Nick Knight: 'I've been full of praise for county cricket for years'

'Wisden' has just called the Championship 'pointless'. The man who won it thinks it is better than ever.

Nobody had Nick Knight down as a natural captain of a cricket team. Top chap, swashbuckling batsman, athletic fielder, deceptively competitive, but not one of the game's deep thinkers; the fittest cricketer in England but not necessarily the sharpest.

Nobody had Nick Knight down as a natural captain of a cricket team. Top chap, swashbuckling batsman, athletic fielder, deceptively competitive, but not one of the game's deep thinkers; the fittest cricketer in England but not necessarily the sharpest.

There was not exactly bemusement at his appointment as Warwickshire's captain - he has done far too much at the top level for that - but few, not least Knight himself, expected what happened next. In his first summer, in 2004, Warwickshire became county champions. Knight obviously had something as a hard-nosed leader after all, and as this season shivers into action he is not only a winning captain but at 35 also an elder statesman of the English professional circuit, a seasoned player who has formed opinions and judgements during a long time on the road and out in the middle.

This gives him a vested interest, of course, but it also makes him worth a proper hearing. No less an institution than Wisden was deriding county cricket as "increasingly unwatchable and pointless" in its 142nd edition published last week.

Knight, although keenly aware of the threats, is of a much more optimistic bent, a mood probably enhanced by his hundred for Warwickshire against MCC yesterday, the first of the summer and the earliest at Lord's. "I have been full of praise for county cricket for many years," he said. "I think there are some very fine players and the two-division system has worked well. It is creating much more competitive cricket more often, and it's finding out the less competitive teams and players."

Such an analysis has to be accompanied by some caveats, the list of which is topped by Kolpak players, with the promotion and relegation system just underneath. Knight says every captain in England recognises the danger of allowing the game to be swamped not only by two overseas players at each county but also by the so-called Kolpak players, who can play here under European Union regulations even if they are not eligible to play for England.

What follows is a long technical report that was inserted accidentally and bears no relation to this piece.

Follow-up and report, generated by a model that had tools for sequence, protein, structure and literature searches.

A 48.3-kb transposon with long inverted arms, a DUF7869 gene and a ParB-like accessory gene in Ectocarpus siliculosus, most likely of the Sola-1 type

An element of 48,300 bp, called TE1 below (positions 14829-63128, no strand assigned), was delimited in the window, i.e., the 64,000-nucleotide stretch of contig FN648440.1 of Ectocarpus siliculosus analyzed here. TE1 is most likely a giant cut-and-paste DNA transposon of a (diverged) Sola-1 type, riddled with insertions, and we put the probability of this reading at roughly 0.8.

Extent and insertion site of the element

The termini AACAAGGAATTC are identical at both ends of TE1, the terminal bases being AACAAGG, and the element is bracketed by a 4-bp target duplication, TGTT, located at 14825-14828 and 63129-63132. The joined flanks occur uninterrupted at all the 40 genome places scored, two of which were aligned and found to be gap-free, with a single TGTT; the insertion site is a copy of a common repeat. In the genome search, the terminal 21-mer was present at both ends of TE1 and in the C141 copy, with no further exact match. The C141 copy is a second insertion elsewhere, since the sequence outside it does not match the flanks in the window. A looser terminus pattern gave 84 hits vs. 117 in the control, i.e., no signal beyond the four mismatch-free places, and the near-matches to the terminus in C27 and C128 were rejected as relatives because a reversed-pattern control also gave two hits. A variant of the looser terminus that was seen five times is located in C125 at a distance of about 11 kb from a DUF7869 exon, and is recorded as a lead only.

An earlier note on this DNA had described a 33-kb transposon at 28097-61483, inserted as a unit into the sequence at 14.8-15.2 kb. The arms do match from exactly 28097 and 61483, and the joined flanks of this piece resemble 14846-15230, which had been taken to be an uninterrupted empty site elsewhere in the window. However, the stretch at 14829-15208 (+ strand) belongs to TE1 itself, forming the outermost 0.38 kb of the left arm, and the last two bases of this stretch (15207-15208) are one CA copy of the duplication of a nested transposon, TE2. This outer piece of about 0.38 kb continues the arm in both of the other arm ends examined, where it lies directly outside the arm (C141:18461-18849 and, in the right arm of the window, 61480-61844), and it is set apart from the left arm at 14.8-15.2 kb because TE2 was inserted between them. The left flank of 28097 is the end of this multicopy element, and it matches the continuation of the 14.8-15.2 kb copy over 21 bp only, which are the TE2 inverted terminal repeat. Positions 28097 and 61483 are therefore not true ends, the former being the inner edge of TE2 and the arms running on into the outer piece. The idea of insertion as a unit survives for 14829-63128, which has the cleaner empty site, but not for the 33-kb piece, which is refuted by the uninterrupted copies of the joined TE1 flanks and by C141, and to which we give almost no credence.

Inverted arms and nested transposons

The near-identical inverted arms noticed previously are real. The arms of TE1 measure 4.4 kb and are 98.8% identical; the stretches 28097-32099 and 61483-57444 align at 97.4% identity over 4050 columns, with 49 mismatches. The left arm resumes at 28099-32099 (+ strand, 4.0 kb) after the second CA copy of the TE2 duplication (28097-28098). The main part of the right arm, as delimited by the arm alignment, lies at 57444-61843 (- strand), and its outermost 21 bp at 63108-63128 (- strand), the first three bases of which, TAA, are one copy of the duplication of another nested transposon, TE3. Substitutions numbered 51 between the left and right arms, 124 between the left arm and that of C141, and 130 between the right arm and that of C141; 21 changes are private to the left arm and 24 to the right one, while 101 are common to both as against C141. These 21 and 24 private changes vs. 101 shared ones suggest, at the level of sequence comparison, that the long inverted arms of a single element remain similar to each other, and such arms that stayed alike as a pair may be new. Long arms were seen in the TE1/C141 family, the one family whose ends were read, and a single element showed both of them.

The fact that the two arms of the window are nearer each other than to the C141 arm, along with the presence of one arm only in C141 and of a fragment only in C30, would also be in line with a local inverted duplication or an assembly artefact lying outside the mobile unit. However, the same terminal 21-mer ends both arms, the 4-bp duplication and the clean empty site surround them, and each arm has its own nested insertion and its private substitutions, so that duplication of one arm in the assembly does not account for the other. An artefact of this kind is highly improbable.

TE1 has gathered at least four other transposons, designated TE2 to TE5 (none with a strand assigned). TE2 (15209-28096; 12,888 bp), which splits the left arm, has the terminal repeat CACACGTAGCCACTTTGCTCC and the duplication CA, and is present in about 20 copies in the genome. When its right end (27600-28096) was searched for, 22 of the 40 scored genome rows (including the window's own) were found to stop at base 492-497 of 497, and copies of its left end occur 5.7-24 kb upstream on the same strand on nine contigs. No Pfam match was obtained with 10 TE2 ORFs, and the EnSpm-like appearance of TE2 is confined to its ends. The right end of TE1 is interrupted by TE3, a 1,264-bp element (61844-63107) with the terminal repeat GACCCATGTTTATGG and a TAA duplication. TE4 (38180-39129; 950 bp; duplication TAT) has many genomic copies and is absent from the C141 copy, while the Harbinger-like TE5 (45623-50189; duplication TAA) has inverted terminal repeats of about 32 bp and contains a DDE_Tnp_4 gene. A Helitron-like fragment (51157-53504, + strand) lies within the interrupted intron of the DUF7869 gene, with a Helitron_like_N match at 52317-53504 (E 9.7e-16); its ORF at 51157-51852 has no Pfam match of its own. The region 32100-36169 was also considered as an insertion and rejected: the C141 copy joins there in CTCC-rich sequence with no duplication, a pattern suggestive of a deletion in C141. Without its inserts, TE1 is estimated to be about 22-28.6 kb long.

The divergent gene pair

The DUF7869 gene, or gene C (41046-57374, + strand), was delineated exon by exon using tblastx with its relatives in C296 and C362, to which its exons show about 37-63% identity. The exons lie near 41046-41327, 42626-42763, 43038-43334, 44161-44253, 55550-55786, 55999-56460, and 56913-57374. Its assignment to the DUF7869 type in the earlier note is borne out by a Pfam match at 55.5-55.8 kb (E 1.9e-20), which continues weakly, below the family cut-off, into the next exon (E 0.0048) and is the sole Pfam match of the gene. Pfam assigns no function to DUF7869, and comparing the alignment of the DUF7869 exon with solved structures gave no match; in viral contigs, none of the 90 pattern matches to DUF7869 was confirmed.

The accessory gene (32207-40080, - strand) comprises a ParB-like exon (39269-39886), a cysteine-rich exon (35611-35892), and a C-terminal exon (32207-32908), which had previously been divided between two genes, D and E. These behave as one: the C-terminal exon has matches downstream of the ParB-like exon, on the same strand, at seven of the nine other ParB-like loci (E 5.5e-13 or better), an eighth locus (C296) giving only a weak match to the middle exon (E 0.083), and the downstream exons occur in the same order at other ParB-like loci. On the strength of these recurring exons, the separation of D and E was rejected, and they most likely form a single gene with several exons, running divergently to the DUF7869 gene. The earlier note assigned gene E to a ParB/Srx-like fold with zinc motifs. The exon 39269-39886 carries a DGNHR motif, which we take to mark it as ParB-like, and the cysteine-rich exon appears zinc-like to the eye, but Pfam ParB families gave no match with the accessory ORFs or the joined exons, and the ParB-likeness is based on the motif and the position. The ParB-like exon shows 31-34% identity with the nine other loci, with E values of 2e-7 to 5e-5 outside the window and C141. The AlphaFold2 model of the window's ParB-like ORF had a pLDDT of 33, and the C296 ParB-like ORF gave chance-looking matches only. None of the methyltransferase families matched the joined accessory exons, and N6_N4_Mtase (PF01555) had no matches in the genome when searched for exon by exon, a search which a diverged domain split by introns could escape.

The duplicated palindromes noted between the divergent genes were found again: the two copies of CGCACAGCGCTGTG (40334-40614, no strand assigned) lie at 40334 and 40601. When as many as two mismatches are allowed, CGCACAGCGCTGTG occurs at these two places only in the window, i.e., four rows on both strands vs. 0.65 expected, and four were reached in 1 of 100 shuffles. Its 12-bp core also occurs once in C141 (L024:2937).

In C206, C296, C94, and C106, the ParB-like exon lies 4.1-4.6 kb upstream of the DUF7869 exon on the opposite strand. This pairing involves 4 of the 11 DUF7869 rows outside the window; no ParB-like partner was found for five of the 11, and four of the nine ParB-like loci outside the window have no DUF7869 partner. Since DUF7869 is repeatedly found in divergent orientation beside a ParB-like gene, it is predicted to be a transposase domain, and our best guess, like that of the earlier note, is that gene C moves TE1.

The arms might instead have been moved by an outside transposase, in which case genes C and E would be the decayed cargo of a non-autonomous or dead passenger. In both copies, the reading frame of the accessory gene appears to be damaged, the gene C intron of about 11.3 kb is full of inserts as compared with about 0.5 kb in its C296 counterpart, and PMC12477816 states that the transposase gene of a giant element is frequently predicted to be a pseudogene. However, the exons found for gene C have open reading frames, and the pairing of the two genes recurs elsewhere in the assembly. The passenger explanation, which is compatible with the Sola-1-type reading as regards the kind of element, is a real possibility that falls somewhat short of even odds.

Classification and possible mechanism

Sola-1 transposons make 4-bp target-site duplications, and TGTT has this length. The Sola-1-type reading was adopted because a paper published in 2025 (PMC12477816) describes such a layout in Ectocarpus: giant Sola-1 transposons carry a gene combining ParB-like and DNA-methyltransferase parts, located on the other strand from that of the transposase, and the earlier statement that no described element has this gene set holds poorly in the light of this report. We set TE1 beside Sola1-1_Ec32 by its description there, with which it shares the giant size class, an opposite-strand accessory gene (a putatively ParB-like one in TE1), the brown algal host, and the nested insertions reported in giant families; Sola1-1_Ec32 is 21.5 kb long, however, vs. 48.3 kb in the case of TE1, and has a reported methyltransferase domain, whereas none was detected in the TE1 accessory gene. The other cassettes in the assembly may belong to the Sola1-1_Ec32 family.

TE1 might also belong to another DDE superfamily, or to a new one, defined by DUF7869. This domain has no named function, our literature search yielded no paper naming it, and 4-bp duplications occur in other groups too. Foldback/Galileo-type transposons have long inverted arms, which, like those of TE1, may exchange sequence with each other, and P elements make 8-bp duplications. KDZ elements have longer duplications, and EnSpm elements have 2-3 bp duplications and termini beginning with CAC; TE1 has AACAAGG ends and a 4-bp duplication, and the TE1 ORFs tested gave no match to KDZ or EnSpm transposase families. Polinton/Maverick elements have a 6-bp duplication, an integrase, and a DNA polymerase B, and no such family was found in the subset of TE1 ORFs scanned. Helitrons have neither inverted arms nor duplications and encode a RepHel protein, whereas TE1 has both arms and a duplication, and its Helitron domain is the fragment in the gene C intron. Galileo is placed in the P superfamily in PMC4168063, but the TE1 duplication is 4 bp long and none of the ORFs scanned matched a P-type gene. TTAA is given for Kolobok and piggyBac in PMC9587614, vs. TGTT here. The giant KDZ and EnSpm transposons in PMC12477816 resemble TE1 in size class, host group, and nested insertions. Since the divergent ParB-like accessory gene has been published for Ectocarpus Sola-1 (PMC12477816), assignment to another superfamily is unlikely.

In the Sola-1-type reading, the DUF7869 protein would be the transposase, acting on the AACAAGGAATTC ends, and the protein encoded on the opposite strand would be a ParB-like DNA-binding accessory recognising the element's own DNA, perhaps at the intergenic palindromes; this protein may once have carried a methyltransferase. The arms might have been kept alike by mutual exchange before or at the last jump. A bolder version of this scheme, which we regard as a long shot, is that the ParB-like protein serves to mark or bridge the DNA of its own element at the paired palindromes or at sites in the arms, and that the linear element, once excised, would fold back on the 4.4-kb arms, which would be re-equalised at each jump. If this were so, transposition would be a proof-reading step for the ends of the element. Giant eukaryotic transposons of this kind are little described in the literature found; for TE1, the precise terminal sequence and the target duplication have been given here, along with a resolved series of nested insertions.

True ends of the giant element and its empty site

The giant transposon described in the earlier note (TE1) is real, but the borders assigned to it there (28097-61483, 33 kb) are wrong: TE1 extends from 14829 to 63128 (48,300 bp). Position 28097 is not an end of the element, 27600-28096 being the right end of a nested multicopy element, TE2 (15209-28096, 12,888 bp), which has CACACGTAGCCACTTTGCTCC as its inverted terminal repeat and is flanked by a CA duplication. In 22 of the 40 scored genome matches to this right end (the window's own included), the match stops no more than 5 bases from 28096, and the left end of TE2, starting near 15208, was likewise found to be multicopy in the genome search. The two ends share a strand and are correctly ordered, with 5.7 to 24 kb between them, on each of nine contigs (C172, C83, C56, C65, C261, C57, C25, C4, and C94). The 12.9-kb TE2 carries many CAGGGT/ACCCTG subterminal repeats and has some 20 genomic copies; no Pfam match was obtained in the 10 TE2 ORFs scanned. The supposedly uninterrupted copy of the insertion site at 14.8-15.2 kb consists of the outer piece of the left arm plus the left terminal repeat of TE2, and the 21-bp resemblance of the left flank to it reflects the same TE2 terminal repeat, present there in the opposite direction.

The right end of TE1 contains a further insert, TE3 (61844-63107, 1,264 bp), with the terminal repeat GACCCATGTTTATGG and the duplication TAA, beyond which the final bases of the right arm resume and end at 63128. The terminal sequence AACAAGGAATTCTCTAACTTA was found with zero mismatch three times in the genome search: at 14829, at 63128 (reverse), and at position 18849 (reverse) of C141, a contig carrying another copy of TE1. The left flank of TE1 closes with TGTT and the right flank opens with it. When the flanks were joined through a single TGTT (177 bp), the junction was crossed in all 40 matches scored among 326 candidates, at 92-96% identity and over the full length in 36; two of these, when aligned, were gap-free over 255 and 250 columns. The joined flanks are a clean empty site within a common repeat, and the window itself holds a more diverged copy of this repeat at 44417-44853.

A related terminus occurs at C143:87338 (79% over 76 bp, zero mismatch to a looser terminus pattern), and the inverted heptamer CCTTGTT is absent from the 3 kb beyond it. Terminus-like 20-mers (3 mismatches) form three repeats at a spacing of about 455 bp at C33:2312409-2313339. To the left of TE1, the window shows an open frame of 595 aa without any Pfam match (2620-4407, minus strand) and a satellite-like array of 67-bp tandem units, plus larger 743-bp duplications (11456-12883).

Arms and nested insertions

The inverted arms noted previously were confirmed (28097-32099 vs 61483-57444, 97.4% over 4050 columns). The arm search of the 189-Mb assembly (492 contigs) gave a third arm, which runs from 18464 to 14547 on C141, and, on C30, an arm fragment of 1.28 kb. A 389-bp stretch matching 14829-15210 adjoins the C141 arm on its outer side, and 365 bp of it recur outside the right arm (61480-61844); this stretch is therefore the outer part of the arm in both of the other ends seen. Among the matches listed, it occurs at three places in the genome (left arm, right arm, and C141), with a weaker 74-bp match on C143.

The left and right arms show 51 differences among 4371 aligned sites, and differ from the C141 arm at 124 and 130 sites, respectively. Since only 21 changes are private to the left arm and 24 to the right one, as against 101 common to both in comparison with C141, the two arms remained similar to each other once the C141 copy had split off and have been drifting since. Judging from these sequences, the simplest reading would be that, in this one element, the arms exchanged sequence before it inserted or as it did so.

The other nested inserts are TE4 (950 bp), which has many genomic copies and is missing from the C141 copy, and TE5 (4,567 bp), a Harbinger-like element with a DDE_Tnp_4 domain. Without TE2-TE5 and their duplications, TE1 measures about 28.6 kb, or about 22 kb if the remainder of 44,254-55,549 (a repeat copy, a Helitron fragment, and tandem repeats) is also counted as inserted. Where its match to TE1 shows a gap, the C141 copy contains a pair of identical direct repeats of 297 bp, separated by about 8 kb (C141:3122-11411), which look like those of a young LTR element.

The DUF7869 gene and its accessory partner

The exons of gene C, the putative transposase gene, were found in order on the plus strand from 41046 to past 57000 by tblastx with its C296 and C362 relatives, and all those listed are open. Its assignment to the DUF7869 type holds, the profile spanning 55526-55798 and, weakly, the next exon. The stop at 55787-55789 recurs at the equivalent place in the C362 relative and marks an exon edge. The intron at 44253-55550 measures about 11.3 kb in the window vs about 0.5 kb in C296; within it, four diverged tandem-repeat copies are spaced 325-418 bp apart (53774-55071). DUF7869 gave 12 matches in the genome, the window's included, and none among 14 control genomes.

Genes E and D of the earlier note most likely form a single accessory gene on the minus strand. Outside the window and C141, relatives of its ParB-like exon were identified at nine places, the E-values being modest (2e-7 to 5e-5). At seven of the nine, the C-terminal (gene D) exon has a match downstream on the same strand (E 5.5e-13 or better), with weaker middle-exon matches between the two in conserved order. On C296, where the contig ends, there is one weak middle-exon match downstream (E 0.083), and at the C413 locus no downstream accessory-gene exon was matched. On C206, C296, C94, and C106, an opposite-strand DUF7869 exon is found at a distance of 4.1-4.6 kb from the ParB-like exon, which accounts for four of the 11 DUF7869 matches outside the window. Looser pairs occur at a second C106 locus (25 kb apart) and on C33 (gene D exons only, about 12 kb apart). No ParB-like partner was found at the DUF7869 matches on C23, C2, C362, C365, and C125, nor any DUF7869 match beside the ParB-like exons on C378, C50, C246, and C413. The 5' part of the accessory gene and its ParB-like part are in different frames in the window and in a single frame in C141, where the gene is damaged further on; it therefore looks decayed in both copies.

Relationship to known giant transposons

"We all have to be aware of that and it is something that at Warwickshire I tried to change with regard to overseas players. Kolpak has to be looked at carefully and it has to be made sure that it is not just the easy option. We have a good academy set-up, strong local leagues and we must encourage that. The only way it can work is to give them an opportunity."

Having said which, Warwickshire have three Kolpak or EU passport players, but at least, largely at Knight's behest, are eschewing their right to hire a second overseas player. "We would be a stronger side but English cricket wouldn't be, and a big part of my responsibility is to Duncan Fletcher and the England team. It is a crucial area for the game in this country."

As for promotion and relegation, there is simply too much of it, a point which Knight raised at the pre-season captains' meeting on Thursday. The concern is that the fear of the drop is causing the cricket to be imbued with fear and negativity too. In short, make sure you do not lose.

It is something of which Warwickshire stood accused in winning their title - with only five victories and none after late July. Knight rebuffed the assertion. "What we tried to do was win the first innings and then go on and push for victory, because it's very hard to win a game if you're hugely behind. But the fact is I didn't worry too much about relegation and wouldn't until the last few matches, because you can win the last two, get 40 points and move up from third bottom to third top.

"I actually think standards have improved because of the competitive nature. There is still a comfort zone in some cases, but the fact is that people want to get points out of each game and every game counts for something. I think that has a natural effect on the players."

But three up, three down is beginning to make for some attritional cricket in an age when Test cricket has become coruscating entertainment. There can be no room for dullness. It is fashionable to look back 40 or 50 years to a postwar golden age, but the truth is that it was in those seasons that county cricket first began to expire. The county cricket played then (not to mention some of the Test cricket) was woeful in its refusal to entertain, and the game cannot afford a repeat. Knight is fairly sure it will not get one - if they reduce the number of counties relegated.